What follows is a factual story recounted for your amusement as long as you solemnly make a promise (between you, me and our personal deity) to  read it without judgement or worse a raised-eyebrow cynical appraisal of my action.  If you can’t in the depth of  your heart do so, please close this post and move on.  The ‘dramatic’ event happened two decades ago, at the gloriously beautiful Château de Chenonceau.

(NOTE: To improve your viewing experience click on the photos below to enlarge – once for medium, twice to zoom in.)

This true anecdote may tickle your funny bone, or you may scratch your head and wonder about why a grown man would behave in such a manner.  Several years ago I and my traveling companion Hélène left the lovely town of Blois early for a quick start to what was planned as another stage in our private Tour de France.   It was exactly on the 19th of April, so she tells me; the sky was a radiant blue however unseasonably cool with a blustery wind adding a stinging bite to near frigid conditions.  The parking lot was some distance from the chateau and as we were walking my lovely friend who had donned a thin, spring jacket visibly displayed ed signs of discomfort by hugging herself and shivering.

Ever the gentleman I rescued her by offering my Coq Sportif ski jacket that I had been wise enough to choose for the day.  Well, we come up to the chateau and just as we are about to cross the bridge leading to the entrance, I suggest that I’d take a photo of her.  I turn to take a few steps back and almost immediately hear a heartfelt, “Oh, no!”  I wheeled around and she was  peering over the stone parapet into the moat some twenty feet below.  Looking down I see my jacket sedately floating down towards the Cher River not far off to the left.

(Twenty years later back to survey the scene – almost nothing changed except for definitely changed hair colour, damn!)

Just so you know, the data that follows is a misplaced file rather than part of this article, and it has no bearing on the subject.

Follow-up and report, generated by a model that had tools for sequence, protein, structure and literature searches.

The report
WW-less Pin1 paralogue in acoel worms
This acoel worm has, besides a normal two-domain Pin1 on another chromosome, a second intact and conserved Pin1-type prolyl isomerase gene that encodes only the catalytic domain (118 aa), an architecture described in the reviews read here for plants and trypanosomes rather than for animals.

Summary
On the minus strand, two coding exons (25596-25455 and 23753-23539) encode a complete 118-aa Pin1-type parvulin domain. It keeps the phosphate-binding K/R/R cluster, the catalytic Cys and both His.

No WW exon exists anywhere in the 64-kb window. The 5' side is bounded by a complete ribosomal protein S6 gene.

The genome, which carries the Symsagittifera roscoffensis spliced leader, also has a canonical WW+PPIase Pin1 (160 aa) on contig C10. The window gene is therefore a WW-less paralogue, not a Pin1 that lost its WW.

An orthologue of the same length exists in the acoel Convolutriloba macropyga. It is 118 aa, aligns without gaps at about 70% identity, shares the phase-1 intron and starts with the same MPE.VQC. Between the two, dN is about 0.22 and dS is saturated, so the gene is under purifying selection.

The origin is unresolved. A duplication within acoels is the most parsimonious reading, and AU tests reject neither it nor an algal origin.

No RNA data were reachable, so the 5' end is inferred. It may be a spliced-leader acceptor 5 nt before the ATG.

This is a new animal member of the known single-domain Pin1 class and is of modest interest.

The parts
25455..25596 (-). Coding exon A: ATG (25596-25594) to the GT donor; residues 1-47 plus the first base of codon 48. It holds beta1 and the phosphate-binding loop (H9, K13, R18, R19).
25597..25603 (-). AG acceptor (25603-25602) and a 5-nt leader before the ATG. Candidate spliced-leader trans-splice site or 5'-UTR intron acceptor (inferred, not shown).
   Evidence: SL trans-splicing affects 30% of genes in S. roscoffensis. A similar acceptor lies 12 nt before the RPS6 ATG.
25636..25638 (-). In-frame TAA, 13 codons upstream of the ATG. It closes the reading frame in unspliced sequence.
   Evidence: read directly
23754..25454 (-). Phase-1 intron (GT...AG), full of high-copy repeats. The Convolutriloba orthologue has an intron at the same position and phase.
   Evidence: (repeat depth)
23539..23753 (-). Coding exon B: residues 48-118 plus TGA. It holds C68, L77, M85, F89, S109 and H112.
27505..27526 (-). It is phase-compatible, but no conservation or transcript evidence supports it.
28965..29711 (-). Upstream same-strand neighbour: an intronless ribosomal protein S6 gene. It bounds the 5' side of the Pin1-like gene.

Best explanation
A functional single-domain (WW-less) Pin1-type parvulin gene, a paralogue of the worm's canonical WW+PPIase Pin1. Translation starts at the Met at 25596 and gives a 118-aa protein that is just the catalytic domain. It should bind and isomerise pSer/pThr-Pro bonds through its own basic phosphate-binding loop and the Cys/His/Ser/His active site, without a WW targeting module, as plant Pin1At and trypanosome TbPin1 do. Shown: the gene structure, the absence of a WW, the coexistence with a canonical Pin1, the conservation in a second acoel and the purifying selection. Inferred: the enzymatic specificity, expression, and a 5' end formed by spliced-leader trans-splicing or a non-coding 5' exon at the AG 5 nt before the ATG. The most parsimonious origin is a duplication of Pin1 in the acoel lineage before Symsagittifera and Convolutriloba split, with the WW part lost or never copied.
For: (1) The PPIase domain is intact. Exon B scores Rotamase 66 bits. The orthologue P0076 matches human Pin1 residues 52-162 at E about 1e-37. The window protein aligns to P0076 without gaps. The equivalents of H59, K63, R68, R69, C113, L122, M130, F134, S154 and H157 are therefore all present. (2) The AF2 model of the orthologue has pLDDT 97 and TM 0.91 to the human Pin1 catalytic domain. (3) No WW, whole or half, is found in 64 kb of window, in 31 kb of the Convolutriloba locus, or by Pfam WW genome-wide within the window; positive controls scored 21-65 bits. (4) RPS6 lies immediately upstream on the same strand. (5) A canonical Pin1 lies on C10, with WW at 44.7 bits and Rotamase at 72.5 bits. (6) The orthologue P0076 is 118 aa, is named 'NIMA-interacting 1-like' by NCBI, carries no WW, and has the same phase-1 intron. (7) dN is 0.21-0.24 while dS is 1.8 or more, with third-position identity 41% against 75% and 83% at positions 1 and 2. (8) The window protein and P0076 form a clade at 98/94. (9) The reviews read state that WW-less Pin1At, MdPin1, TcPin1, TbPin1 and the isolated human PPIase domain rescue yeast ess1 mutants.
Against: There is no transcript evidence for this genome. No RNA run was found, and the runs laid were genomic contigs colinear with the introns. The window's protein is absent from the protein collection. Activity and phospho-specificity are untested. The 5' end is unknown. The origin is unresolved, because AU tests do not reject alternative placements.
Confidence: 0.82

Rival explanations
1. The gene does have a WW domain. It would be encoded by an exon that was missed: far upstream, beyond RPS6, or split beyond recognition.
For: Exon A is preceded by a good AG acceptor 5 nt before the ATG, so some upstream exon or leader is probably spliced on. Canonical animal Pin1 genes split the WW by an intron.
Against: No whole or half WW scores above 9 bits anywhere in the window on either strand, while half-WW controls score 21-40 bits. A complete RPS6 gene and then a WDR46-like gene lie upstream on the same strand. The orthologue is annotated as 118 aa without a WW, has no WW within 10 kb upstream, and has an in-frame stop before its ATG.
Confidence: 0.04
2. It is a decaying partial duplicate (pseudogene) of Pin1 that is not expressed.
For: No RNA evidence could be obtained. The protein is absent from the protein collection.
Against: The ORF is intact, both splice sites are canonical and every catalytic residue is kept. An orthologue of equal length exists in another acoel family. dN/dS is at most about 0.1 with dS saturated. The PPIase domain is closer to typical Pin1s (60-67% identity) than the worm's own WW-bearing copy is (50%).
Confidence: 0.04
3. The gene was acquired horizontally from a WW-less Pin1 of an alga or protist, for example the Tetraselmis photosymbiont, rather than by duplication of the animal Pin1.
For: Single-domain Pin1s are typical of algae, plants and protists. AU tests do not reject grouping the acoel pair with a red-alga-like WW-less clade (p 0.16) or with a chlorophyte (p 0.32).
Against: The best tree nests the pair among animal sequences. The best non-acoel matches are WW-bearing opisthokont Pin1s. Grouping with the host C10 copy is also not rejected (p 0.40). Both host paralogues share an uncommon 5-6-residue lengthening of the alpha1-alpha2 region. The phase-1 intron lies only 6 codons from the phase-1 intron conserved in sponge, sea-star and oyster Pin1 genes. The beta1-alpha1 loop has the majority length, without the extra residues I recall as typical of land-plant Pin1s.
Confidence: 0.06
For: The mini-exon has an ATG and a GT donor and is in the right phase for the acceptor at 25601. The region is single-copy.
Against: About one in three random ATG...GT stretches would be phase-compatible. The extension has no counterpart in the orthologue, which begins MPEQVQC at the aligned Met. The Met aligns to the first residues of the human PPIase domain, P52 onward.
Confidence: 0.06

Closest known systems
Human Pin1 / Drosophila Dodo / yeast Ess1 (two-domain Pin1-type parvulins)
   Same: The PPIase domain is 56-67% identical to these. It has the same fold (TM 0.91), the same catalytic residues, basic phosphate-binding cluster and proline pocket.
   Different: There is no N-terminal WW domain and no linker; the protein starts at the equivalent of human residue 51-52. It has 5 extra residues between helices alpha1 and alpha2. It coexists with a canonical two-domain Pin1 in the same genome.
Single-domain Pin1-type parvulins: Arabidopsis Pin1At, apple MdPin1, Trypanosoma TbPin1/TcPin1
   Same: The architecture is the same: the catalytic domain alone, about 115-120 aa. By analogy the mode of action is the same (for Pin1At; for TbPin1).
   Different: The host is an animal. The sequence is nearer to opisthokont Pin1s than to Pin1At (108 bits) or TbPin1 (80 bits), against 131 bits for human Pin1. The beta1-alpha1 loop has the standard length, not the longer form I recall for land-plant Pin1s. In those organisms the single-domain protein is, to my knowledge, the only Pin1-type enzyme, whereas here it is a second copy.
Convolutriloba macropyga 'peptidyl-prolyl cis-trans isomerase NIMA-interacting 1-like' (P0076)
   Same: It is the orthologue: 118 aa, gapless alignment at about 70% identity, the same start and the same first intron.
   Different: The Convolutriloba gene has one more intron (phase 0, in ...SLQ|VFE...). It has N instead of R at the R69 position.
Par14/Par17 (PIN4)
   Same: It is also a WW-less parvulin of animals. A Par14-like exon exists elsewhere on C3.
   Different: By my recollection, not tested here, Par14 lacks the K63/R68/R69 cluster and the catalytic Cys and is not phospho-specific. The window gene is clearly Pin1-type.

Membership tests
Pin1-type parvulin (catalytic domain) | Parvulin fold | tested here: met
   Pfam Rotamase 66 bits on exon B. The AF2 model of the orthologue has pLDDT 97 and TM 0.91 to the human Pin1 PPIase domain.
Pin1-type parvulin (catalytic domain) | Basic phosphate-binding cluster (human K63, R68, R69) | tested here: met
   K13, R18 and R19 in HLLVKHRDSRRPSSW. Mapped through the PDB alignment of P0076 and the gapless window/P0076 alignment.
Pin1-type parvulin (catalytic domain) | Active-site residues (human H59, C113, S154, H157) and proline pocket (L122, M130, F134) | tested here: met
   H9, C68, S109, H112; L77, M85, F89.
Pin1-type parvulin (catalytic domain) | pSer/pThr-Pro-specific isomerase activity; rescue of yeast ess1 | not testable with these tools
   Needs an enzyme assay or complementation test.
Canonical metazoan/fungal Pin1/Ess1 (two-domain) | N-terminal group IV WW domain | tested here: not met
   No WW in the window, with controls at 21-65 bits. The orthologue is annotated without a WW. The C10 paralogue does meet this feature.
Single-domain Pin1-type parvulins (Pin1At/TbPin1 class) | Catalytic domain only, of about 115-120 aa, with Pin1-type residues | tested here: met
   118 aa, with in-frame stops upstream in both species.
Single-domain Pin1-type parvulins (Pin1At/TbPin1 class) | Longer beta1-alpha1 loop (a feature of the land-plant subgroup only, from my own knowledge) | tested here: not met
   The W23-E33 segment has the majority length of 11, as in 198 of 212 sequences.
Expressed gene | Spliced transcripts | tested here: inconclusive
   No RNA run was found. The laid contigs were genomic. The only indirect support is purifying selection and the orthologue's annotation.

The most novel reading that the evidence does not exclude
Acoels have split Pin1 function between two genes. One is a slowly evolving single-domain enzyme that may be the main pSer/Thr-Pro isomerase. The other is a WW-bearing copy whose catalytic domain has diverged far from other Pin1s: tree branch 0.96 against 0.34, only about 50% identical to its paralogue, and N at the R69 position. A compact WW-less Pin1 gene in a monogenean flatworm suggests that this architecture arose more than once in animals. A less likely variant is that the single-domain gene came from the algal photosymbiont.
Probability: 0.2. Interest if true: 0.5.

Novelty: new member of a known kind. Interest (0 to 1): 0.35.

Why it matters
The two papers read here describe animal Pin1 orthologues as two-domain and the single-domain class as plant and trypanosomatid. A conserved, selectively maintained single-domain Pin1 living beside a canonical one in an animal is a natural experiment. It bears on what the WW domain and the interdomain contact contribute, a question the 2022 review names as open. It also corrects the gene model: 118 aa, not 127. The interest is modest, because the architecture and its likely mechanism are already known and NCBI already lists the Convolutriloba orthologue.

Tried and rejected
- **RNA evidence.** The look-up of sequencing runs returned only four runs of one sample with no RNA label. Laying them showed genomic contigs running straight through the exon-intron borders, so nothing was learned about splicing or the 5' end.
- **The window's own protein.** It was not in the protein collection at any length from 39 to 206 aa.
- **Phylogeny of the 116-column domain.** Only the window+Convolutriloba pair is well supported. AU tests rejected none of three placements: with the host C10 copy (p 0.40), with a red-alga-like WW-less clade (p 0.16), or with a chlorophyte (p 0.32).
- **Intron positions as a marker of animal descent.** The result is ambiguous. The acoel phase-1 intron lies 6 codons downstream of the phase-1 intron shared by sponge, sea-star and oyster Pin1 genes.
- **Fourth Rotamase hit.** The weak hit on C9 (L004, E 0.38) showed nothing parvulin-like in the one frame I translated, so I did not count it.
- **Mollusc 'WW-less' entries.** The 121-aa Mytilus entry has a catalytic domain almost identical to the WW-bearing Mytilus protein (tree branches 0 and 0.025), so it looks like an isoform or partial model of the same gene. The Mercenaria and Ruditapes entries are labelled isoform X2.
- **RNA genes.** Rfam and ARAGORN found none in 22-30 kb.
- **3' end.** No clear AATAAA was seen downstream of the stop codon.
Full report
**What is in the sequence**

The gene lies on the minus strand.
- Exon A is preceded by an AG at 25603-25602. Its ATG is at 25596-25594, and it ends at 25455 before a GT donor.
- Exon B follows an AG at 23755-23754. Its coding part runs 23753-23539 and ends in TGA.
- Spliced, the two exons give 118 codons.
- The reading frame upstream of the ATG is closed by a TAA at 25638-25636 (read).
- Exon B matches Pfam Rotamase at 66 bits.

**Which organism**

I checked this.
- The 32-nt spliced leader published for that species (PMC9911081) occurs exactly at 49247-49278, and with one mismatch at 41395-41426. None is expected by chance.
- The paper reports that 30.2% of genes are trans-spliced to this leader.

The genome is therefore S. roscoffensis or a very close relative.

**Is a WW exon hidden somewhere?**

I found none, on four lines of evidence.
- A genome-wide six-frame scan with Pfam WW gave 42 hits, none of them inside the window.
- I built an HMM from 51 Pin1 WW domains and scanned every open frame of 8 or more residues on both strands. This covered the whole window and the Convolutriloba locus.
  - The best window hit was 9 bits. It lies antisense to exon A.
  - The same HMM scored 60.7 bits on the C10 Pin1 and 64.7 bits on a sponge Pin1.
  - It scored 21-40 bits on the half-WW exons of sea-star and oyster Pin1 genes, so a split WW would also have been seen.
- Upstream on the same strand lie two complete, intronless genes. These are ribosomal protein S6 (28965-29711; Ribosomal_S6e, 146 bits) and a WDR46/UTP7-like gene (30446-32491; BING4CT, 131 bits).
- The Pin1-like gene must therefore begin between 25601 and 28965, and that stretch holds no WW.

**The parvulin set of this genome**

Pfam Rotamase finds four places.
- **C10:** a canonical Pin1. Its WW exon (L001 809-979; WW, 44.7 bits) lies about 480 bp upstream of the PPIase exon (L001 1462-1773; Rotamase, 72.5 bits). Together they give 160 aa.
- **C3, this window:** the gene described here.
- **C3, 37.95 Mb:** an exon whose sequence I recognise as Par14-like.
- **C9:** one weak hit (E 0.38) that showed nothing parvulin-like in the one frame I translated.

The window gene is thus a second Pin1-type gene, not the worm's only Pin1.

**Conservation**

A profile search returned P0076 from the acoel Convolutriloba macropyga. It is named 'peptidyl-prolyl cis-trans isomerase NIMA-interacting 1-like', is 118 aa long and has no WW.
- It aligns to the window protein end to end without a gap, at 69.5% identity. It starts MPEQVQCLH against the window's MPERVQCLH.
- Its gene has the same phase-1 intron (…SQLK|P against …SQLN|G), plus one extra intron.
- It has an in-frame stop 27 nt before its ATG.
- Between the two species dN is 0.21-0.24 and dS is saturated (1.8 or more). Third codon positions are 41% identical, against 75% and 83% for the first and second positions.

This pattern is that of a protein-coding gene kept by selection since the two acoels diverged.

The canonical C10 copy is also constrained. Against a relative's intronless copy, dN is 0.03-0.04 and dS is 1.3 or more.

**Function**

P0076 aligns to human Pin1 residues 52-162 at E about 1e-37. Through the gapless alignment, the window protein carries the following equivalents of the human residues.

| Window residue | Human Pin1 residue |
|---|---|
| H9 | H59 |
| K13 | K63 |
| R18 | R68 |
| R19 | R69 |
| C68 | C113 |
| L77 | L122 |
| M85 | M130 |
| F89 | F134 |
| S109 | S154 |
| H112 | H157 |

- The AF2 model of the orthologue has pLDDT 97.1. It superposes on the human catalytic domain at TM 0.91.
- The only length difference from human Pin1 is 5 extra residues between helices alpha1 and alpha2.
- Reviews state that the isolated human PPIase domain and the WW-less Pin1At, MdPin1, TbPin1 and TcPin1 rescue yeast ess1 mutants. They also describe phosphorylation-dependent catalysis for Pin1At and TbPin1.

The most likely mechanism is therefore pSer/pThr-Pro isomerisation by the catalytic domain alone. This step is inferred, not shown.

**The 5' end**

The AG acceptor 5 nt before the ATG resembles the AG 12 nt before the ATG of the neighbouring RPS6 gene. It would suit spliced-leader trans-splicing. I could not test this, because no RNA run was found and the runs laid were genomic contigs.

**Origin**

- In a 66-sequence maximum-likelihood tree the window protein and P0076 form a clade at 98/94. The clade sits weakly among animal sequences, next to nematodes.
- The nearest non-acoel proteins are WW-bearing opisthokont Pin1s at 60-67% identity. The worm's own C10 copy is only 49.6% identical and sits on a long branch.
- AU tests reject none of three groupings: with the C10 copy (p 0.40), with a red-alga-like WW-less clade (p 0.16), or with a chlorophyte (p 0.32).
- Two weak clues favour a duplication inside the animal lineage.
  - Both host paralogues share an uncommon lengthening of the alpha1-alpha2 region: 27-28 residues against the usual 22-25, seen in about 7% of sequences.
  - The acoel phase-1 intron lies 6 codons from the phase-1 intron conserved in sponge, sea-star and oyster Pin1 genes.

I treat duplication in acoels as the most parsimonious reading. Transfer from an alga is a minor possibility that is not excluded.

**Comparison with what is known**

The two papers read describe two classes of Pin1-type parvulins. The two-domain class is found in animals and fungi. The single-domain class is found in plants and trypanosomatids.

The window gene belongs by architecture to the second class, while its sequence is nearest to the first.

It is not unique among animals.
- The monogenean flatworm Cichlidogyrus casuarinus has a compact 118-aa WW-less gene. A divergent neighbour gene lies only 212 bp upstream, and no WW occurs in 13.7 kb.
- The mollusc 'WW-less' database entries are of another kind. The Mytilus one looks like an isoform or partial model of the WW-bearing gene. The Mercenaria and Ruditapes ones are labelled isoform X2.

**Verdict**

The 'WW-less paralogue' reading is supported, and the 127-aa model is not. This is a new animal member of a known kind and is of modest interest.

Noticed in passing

How did that happen? Always fastidious about her appearance (also a tad vain as are most attractive women), Hélène didn’t want to be wearing an over-sized jacket, removed it and set it some distance away atop the parapet.  As luck would have it a sudden blast from a particularly petulant Zephyr blew it off to the waterway below.

Now what? As you can see from the photo, across the moat stairs lead down to the water’s edge.  That turned out crucial to the rescue operation I soon devised.

A rowboat was tethered to the wall a little farther but obviously under lock and key – no joy there.  Without a clue as to what exactly I might do,  I ran down to the steps and that being as far as I could go I necessarily had to make what one might refer to as an ‘executive decision’.  Did I have a clue?  Would I really?

First I put my hand in the water and it was as I feared – ice cold!  No matter, I made a mental calculation that if I felt anything really amiss, such as an incoming heart attack, I’d turn back.  Without further consideration lest I chickened out, I stripped down to my bikini briefs and gingerly so I wouldn’t get my hair wet slipped into the water; now with a stately breaststroke I set off on the rescue mission.  All the while I’m watching my jacket gently sailing down towards the swift flowing river but thankfully an air bubble kept  it afloat.  I’d absolutely not have wanted to dive in after it.  Finally, I caught up to it (perhaps a distance of some 20 metres) and turning around I started back half tossing forward, half pushing it in front of me.  Oh, I forgot to mention that after the initial few strokes my briefs had slipped down to my knees and I had no choice but to removed them and toss them back to where the rest of my clothes were piled up.

Remember we had been the very first car in the parking lot and in the heat of the action I’d not noticed newcomers had arrived on the scene – in fact it turned out to be three busloads of Japanese tourists.  They were now lined up on that same little bridge surely wondering about strange ‘gaijin‘ behaviour – perhaps a Spring Rites ritual?  I didn’t yet notice them but as I swam up to the steps Hélène was now waiting for me but so was a young blond woman who had shown up as well..  Sheesh, I’m stark naked, think I.  Well no matter, I’ll scramble up to the ledge backwards so she doesn’t get shocked by the ‘Full Monty’ but when I turn around there are about one hundred cameras aimed at me.  I decide one is better than a hundred fold and make my way out of the water offering a backside view to the 100 cameras.  (I vaguely hear a spattering of applause and even one cheeky wolf-whistle proving contrary to some opinions that the Japanese do have a sense of humor.) What a lovely young woman she turned out to be!  It took me a half-second to realize when she stepped forward she was holding a large, dry towel to wrap around my shoulders.  It turned out she was a backpacker from Switzerland and correctly surmised I’d need something to dry myself, especially in that temperature.